The language of nested parenthesis is context-free [1], so it straight-forward to write a recursive parser.

[1] http://en.wikipedia.org/wiki/Context-free_language

ADDITION: You don't need a recursive parser, a simple counter for the parenthesis nesting level is enough:

// Pseudo code
int depth = 0;
List<int> breakIndices;
for int index = 0 .. input.length-1:
  switch(input[index])
    ':': if (depth==0) breakIndices.add(index); break;
    '(': depth++; break;
    ')': depth--; break;
    default: break;
// Now, all indices of the colons you need are in the breakIndices list.
share|improve this answer
    
Thanks for the insight & the example approach. I'll admit that maybe I was wishful thinking in that a one-liner could pull it off, so I'll play around with your example (and the other provided here) and get something together. - again, I appreciate your explanation of why this isn't even a regular expression scenario. –  Lev Apr 23 '11 at 18:46
    
Indeed. But I know of no evidence for an extended regex engine that can parse the language of nested parentheses. –  Christian Semrau Apr 23 '11 at 19:56

I suspect you can't, at least if there's any chance of nested parentheses, since recognizing correct parenthesis-nesting is not regular.

In any case, instead of constructing some baroque regular expression, consider a very simple parser: scan to the next occurrence of either ":" or "(", and do something with the next token. Repeat. It would be easy to do with with recursive descent, and would look something like

parse(string)
   if string is empty: return
   scan to delimiter, put delimiter index into d, token string into t
   put t into a table for processing later
   case on d:
      string[d] == ":": parseColonToken(string[d+1:])
      string[d] == "(": parseParentString(strin[d+1:])
   end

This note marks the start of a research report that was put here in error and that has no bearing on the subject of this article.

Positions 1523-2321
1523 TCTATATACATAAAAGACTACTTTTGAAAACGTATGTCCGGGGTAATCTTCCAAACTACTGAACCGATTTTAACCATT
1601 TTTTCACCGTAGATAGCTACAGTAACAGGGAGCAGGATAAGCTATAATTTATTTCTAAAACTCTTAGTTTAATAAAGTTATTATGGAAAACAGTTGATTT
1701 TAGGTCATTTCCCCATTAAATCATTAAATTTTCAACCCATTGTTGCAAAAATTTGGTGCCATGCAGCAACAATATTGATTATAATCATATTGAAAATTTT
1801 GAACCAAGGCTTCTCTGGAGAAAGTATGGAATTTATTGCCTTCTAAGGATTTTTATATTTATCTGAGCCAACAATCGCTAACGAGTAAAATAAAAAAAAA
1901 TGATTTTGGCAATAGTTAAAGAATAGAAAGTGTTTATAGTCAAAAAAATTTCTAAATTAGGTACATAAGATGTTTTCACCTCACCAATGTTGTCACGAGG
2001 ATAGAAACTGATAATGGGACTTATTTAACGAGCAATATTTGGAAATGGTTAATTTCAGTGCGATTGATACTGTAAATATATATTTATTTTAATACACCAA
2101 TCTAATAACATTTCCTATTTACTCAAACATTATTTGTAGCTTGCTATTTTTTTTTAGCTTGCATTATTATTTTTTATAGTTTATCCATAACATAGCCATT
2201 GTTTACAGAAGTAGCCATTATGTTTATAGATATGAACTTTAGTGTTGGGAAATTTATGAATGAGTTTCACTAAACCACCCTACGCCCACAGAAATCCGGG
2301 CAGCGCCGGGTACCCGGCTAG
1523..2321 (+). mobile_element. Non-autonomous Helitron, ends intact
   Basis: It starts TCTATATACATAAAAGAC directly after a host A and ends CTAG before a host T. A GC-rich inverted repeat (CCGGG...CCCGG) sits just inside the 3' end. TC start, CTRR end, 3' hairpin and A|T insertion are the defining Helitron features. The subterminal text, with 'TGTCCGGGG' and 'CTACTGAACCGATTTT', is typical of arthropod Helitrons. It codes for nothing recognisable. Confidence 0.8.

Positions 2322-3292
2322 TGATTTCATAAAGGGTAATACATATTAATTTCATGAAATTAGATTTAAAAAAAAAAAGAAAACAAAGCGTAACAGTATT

end

(Obviously this is pseudocode. Take string[n:] as "the substring of string from index n to the end.)

probably, thinking about it, you'd simply start with parseColonToken but I'm not sure if that matches your expected grammar.

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I get the feeling now that you can't either when I spent quite a while writing expressions that failed, and then the first two of you seem quite sure that this isn't even a regular expression scenario. I appreciate the example code - I'll play around with writing a parser of some kind. I think I had my hopes up for a one-liner a bit unrealistically. >_< –  Lev Apr 23 '11 at 18:48
    
assuming the parens can be nested, then it's a theorem that you can't. Honestly, that recursive descent thing is so simple I've been thinking of other uses for it all afternoon. –  Charlie Martin Apr 24 '11 at 3:25

I think the easiest approach would be to break the string into the "function" part and the "argument" part and then deal with the two parts separately. If you want to keep the parentheses on the argument part, then:

var parts1 = "shop:open:1:(npc:self:dialog:1:4)".split(/:(?=\()/);
// parts1 now looks like ["shop:open:1", "(npc:self:dialog:1:4)"]
var parts2 = "shop:open:1".split(/:(?=\()/);
// parts2 now looks like ["shop:open:1"]

And then:

var cmd = null;
var arg = null;
if(parts.length > 0) {
    cmd = parts[0].split(':');
    arg = (parts[1] || '').replace(/[()]/g, '').split(':');
}

You might be able to cram more of that into a single regex (and possibly all of it depending on what non-regular features your target regex engine supports) but there's not much point and clarity is a better goal for your code than "short". Anyone looking at the above should be able to figure out what it is doing if they have a decent JavaScript regex reference in hand.

If you end up dealing with more complicated expressions with quoting and escaping and such, then you could try modifying a CSV parser to do what you need.